Now real-estate economists across the country are studying an early but surprisingly broad Phoenix turnaround. The sharp drop in home prices has brought new buyers into the market. Unlike other markets where housing recoveries have been snuffed out by big overhangs of homes for sale and foreclosed properties, inventories are lean here.
“Phoenix has hit a bottom,” says Thomas Lawler, an independent housing economist who was one of the first to warn six years ago that prices in overbuilt metros were poised to fall.
The nation’s hard-hit housing markets face a tough act: engineering a housing recovery without traditional trade-up buyers, many of whom are either unwilling or unable to sell because of huge price declines.
Phoenix has found a viable formula. Low prices are igniting demand from first-time buyers and investors who are converting the homes to rentals. The local economy is on the upswing with several big employers like Amazon.com Inc. and Intel Corp. hiring again, which is further increasing demand for housing. And the region is benefiting from a surge of buyers from Canada who are using their favorable exchange rate to scoop up bargains in the desert.
Local mom-and-pop investors are also playing key roles in soaking up supply. “I’m running my Realtor ragged looking at properties,” said Robert Gerundo, who last month stood inside a two-bedroom condominium, scribbling his signature on an offer to buy the unit for $50,200, slightly above the listing price set by the bank, which recently foreclosed on the unit.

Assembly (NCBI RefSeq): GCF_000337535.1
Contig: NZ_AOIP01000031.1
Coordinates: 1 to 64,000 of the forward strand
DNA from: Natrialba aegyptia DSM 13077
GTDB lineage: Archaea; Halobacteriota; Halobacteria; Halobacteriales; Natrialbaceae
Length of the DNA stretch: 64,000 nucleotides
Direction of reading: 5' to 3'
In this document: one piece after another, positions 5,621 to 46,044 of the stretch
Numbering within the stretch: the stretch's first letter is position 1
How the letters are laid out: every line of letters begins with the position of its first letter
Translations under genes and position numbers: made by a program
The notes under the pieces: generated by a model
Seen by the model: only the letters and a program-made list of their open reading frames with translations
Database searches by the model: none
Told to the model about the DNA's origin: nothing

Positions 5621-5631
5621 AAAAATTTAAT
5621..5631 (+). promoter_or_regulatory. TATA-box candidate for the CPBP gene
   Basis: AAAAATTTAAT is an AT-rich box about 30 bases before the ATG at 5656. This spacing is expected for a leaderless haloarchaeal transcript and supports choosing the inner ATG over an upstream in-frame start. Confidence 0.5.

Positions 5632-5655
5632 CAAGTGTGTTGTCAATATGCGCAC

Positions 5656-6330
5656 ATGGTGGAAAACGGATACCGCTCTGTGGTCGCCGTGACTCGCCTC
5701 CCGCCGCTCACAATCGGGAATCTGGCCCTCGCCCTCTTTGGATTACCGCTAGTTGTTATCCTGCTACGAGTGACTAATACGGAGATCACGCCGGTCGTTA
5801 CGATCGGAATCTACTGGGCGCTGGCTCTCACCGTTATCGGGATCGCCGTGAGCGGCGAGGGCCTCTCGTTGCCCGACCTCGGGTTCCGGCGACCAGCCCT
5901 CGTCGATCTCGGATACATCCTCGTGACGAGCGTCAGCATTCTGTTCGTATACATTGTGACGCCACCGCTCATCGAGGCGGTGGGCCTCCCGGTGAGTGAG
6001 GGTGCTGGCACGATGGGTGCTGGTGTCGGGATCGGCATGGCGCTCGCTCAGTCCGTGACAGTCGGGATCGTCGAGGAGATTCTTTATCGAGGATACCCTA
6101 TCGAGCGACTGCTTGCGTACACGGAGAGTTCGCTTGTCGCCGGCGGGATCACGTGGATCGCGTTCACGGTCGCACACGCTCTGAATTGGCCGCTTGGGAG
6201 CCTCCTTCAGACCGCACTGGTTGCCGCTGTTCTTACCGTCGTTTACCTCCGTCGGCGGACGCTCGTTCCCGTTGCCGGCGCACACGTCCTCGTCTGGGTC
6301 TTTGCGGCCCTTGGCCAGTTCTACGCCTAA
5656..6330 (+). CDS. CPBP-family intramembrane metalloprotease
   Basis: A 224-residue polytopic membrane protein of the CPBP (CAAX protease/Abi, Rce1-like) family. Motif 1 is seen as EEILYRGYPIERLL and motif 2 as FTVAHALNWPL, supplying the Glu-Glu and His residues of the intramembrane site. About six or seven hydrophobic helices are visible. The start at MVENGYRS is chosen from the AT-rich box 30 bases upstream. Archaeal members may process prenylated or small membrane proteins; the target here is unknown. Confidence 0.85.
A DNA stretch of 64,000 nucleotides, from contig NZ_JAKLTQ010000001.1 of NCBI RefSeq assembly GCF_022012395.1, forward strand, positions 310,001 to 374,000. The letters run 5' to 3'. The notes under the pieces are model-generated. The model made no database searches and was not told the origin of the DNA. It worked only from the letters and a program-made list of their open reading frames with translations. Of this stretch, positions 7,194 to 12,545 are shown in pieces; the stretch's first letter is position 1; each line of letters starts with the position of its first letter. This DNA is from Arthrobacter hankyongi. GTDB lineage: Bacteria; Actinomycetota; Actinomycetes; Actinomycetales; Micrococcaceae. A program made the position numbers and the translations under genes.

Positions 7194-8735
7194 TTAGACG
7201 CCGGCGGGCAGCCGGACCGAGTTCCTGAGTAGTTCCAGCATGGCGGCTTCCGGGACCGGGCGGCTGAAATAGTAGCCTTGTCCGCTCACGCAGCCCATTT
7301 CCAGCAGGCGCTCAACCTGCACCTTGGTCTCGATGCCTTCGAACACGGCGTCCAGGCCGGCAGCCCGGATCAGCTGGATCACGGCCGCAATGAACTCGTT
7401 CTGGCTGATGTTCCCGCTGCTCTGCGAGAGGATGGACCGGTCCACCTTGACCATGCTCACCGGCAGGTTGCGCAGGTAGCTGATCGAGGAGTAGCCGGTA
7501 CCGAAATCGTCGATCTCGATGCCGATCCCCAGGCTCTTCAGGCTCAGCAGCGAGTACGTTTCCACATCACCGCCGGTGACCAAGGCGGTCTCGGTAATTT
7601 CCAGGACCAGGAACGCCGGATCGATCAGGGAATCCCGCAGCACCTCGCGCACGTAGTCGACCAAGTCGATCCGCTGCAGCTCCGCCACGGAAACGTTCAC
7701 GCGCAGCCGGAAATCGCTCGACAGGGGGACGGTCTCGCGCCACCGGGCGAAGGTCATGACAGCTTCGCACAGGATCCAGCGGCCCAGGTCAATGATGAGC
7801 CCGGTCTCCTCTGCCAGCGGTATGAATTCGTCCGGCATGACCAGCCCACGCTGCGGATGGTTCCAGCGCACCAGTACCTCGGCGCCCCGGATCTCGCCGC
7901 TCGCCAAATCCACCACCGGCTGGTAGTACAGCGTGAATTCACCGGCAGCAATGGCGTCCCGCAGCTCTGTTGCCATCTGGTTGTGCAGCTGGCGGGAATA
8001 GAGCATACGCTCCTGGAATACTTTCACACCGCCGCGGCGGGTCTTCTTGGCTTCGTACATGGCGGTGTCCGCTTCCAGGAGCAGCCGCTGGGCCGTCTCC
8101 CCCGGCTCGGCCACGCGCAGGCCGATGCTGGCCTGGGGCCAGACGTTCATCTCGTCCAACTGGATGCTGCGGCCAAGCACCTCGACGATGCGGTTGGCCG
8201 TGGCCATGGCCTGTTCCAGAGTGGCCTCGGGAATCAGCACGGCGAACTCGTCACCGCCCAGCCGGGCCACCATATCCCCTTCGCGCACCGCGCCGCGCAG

From Bloomberg News.
Mike Jones flips real-estate signs for a Realtor, David Rod, as they are printed. Investors are buying many Phoenix properties and renting them out.
Mr. Gerundo has bought 13 properties in Phoenix in the past two years and rents them out for as little as $950 a month. The 49-year-old, who drives around in a Jaguar with a Rutgers sticker on it, says he is making so much money as a landlord that he quit his job last year in New Jersey as a banker.
Nationally, housing demand still remains weak and bank-owned sales are expected to rise this year, putting more pressure on prices. Many economists say they expect home prices nationally could fall by another 3% or so this year before hitting a bottom next year. Most expect that prices will rise little for several years.
U.S. home prices fell another 2% in the fourth quarter on a seasonally adjusted basis, according to the Standard & Poor’s/Case-Shiller index tracking 20 cities. But prices rose by 2% in Phoenix, the biggest increase of any metro area in the country. Over the past year, prices in Phoenix are down by 1.2%, the smallest drop since its prices started falling in 2006.
Other markets are showing signs of life, too, as the spring buying season gets under way. Recent job gains for Detroit’s auto sector have helped rev up sales in recent months. Home prices in Washington, D.C., have fared better than in much of the country thanks to better employment prospects from government-related hiring.
Big price drops, like those in Phoenix, are another key. In Detroit, prices are down by 46% over the past six years and have fallen to levels last seen in 1994. Sales have picked up in Miami, where prices are down by 51% over the past five years.
But low prices alone haven’t been enough to so stabilize other epicenters of the housing bust where job growth still lags. In Las Vegas, where prices have tumbled 62% since 2006, including 8.9% over the past year, the local economy is heavily dependent on tourism and gambling, both industries that haven’t recovered. “A lot of markets in the country have hit a bottom, but I just don’t see them coming back the way Phoenix has,” says John Burns, a homebuilding consultant in Irvine, Calif.
The improving housing market in Phoenix isn’t much comfort to anybody who bought a home there a few years ago. More than 52% of mortgage borrowers owe more than their homes are worth, according to CoreLogic, a real-estate data company. And not everyone in Phoenix is convinced that the improvements will last, especially if the economy falters or oil prices soar.
Source: Wall Street Journal/Business